Orioles recap: Birds unravel in seventh to fall, 8-4, to Rangers

ARLINGTON, TEXAS — A day after the seventh inning showed the Orioles' greatest strength — their power at the plate — Saturday's seventh inning exposed one of their greatest questions: the starting rotation.

Having already coaxed a good start out of Yovani Gallardo, manager Buck Showalter sent him back out for the seventh inning and watched a two-run lead turn into an 8-4 loss to the Texas Rangers at Globe Life Park.


Gallardo had thrown 96 pitches through six innings and was flattered by the results he'd gotten to that point, with Texas smacking eight hits and plenty of hard outs while scoring just twice.

Left-hander T.J. McFarland was warmed up to begin the seventh with three of the next four batters lefties. But Gallardo was allowed to walk No. 9 hitter Brett Nicholas, then give up a double to center fielder Delino DeShields before McFarland came in.


Texas batted around in the inning against Gallardo, McFarland and Mychal Givens, scoring seven runs by way of five hits, two walks and a two-base error in right field by Mark Trumbo.

The Orioles followed up their five-homer game Friday (featuring four in a record-setting seventh inning) by building a 4-1 lead with three solo shots Saturday. They lead the majors with 23 this season.

Right where they left off

What other way to begin a game after Friday's late home run outburst than with another rocket of a home run? After a long flyout by left fielder Joey Rickard, third baseman Manny Machado extended his hitting streak to 11 games with a home run into the Orioles bullpen in left-center.

It was Machado's fourth home run, but just his fifth RBI. He has hits in every game for the Orioles this season.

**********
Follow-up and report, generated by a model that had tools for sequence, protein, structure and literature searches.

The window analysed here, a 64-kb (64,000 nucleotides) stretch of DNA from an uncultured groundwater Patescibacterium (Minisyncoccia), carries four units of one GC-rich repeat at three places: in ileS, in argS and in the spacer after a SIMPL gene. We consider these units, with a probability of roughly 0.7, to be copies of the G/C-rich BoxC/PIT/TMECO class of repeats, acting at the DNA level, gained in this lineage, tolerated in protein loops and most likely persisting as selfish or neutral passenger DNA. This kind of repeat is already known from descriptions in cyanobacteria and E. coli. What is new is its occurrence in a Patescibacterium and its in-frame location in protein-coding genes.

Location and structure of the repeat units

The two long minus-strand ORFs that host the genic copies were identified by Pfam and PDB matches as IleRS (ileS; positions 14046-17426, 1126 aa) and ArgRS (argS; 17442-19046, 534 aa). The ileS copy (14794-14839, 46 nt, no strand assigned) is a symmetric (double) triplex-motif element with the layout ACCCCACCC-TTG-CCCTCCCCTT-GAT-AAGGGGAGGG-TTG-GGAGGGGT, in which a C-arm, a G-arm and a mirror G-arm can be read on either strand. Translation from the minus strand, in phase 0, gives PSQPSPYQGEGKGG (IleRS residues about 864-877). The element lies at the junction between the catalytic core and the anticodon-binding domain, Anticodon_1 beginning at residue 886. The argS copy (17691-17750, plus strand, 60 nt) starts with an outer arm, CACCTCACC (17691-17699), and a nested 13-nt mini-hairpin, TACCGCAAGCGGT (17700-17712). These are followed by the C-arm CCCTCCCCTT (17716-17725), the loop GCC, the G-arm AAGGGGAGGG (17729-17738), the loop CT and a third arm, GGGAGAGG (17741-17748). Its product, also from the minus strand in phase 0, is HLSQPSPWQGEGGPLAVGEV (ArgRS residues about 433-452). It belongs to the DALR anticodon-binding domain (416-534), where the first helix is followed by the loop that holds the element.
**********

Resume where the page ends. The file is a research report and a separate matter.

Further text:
Jones joins the fun

Not one to be excluded from the home run party, center fielder Adam Jones hit his first of the season in the third inning. It was a towering shot to left-center field that might have been the longest hit by either team in the series.

According to ESPN Stats and Info, it was the longest home run of Jones' career at an estimated 460 feet.

Davis, too

Why not? After it looked like Rangers starter Colby Lewis was settling in, first baseman Chris Davis decided he would like to hit a home run, too. Davis yanked a first-pitch fastball to right field that barely eluded the leap of Rangers right fielder Nomar Mazara, tying him with Trumbo for the team lead with five home runs.

LOB city

The solo home runs staked the Orioles to an early lead, but they left plenty of run-scoring opportunities on the table. Through the first five innings, the Orioles left eight runners on base, low-lighted by a bases-loaded pop-up to end the second inning by Machado. They stranded nine overall and were 2-for-6 with runners in scoring position.


Gallardo gets by

Gallardo said he has learned over the years to attack hitters more and pitch to contact in an effort to be more efficient.

He walked a tight-rope for most of his start Saturday, allowing a first-inning run and not having an inning under 20 pitches in his first three.

Three hitters worked three-ball counts in that first inning, and though he kept the Rangers off the board in the next two, they made him work for it. Texas had seven hits in the first five innings, and left six men on base.

Gallardo's first 1-2-3 inning came in the fourth, and Texas scratched another run across against him in the fifth. He also faced just three in the sixth before both batters he faced in the seventh reached. He finished with four earned runs in six-plus innings.

Alvarez drives one in

Alvarez drove in his first run as an Oriole with a two-out single to right field in the fifth inning for a 4-1 lead. He also drew his seventh walk in his first plate appearance, giving him the second most on the team behind Davis.



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